tsr early career researchers conference funding

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Intersectionality in the Archive: Power Structures, ‘Absences’ and Partiality in Archival Research

By Hannah Martin The first week in April 2019 saw over 9,000 geographers and social scientists arrive in Washington D.C. for the Annual Meeting of the American Association of Geographers (AAG). Due to the generous support of the Sociological Review Foundation, I was able to attend and present a paper at this internationally renowned conference. […]

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Degrowth as Social Movement and Economic Strategy

By Kevin Pijpers Degrowth is both a social movement and an economic strategy that presents a radical alternative to capitalist growth paradigms. Its researchers and practitioners are diverse and heterogeneous and are broadly united in their critique of planetary destruction for the imaginary gains of the few. The community brings together artists, activists, academics, politicians, […]

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Challenging ‘Crime’ and ‘Crime Control’ in Contemporary Europe

By Ana Ballesteros Pena The last 13-16 September 2017, thanks to the support provided by the Sociological Review to Early Career Researchers, I had the opportunity to attend the 17th Annual Conference of the European Society of Criminology in Cardiff, UK Challenging ‘Crime’ and ‘Crime Control’ in Contemporary Europe. On arrival, I met a colleague who […]

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The Moral Rhetoric of a Civilized Society

By Susanna Menis This year the annual Socio-Legal Studies Association Conference was organised by the University of Bristol Law School. I was able to attend thanks to the support that the Sociological Review Foundation offers to Early Career Researchers.  The main venue was the breath taking neo-gothic Will Memorial Building. The conference involved a tour […]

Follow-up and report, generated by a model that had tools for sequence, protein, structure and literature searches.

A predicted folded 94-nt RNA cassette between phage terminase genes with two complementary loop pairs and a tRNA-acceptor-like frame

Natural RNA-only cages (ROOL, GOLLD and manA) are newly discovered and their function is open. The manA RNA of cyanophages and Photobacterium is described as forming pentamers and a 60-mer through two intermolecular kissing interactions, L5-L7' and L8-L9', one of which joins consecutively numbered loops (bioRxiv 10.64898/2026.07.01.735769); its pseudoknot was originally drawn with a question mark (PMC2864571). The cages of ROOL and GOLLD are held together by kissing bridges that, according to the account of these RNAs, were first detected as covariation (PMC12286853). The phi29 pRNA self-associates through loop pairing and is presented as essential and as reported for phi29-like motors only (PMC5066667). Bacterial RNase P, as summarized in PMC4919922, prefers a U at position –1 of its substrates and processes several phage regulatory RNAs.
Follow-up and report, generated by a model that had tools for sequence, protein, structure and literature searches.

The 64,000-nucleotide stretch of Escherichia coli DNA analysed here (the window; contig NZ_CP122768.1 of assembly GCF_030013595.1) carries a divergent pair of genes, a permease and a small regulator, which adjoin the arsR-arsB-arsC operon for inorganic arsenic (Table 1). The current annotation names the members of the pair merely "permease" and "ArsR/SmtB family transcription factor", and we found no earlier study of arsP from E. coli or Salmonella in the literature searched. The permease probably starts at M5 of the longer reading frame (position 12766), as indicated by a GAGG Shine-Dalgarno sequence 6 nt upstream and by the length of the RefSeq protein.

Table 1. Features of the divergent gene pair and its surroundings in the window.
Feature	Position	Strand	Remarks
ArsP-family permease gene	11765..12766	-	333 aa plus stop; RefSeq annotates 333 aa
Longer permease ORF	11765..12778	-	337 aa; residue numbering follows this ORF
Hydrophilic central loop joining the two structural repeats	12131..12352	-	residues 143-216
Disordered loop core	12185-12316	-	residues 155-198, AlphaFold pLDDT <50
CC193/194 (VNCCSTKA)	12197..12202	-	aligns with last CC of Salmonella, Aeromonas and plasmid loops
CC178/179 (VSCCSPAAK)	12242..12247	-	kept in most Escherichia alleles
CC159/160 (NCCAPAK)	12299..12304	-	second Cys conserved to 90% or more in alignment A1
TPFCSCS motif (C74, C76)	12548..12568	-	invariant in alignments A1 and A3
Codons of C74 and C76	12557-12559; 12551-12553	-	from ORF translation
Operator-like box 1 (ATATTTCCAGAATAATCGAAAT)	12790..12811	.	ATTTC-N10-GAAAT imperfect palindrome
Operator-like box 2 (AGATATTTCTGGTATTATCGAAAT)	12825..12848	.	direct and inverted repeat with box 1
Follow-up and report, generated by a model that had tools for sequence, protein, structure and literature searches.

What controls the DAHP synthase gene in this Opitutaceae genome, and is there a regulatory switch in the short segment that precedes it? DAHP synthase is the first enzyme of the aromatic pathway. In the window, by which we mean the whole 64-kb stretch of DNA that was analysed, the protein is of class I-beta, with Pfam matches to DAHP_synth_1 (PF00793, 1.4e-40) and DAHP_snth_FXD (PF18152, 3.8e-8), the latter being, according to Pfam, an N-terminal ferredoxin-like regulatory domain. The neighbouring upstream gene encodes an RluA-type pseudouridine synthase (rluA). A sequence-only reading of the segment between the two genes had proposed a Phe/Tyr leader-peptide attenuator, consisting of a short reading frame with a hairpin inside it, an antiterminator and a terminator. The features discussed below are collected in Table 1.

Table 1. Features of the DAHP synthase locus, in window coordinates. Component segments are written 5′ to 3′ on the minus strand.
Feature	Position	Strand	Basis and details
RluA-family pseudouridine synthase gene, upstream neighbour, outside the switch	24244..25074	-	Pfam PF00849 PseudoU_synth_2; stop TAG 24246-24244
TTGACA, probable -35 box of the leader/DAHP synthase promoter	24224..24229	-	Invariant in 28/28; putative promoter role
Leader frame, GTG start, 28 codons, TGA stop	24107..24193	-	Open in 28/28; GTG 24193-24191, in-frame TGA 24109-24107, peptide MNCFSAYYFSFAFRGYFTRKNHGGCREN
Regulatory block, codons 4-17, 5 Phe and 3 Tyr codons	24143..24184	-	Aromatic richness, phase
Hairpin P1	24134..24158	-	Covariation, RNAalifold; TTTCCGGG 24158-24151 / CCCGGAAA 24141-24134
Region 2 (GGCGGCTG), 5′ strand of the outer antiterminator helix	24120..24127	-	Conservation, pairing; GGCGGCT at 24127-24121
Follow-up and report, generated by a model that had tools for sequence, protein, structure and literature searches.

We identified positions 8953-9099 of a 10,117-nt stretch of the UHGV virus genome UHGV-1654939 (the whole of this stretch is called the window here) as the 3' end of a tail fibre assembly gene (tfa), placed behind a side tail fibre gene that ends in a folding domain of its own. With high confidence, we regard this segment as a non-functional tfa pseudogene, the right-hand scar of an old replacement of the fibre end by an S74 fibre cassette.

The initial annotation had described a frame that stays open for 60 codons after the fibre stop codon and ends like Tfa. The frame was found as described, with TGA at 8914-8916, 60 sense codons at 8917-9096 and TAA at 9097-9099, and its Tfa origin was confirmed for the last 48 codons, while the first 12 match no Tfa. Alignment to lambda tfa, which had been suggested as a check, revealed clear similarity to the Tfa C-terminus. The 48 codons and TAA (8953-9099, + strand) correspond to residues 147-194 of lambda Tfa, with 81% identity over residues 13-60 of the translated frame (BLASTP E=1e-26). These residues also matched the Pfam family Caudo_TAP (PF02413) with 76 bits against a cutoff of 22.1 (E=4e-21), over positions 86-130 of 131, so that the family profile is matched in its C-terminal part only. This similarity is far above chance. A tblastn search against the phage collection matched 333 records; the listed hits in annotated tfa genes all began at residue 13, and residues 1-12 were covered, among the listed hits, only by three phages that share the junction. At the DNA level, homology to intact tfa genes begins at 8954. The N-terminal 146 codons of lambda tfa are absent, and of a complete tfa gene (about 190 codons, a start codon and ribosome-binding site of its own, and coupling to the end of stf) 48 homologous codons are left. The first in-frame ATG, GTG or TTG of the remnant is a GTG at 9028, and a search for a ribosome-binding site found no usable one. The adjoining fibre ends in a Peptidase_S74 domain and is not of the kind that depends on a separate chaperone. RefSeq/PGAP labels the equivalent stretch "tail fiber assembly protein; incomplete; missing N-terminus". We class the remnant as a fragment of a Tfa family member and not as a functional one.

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Political Indignation, Protest and Privilege in Brazil

By Andreza Aruska de Souza Santos In the spring of 2017 I had the opportunity to organize a panel in the 1st Congress for the Association of Brazilianists in Europe (ABRE), which took place at the University of Leiden. Brazilian Studies’ conferences are not new and perhaps BRASA is the most known example. Brazilian studies […]

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British Sociological Association Conference 2018: Identity, Community, and Social Solidarity

Newcastle, UK, 10-12 April 2018     The 297-page British Sociological Association 2018 conference programme struck me, being relatively new to such things, as just a little daunting. And while I started to plan my time by cross-referencing the most apparently relevant of the themed conference streams, my partner quickly corrected me. “You’ll need to go through all […]

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Sociology: The Importance of Being…Historical

By Donna Carmichael Memory, my dear Cecily, is the diary that we all carry about with us. Oscar Wilde, The Importance of Being Earnest In April of this year, I was fortunate to have the opportunity to attend the biennial European Social Science History Conference in Belfast, and present my paper entitled Culture-led Regeneration and the […]

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A future for fishing?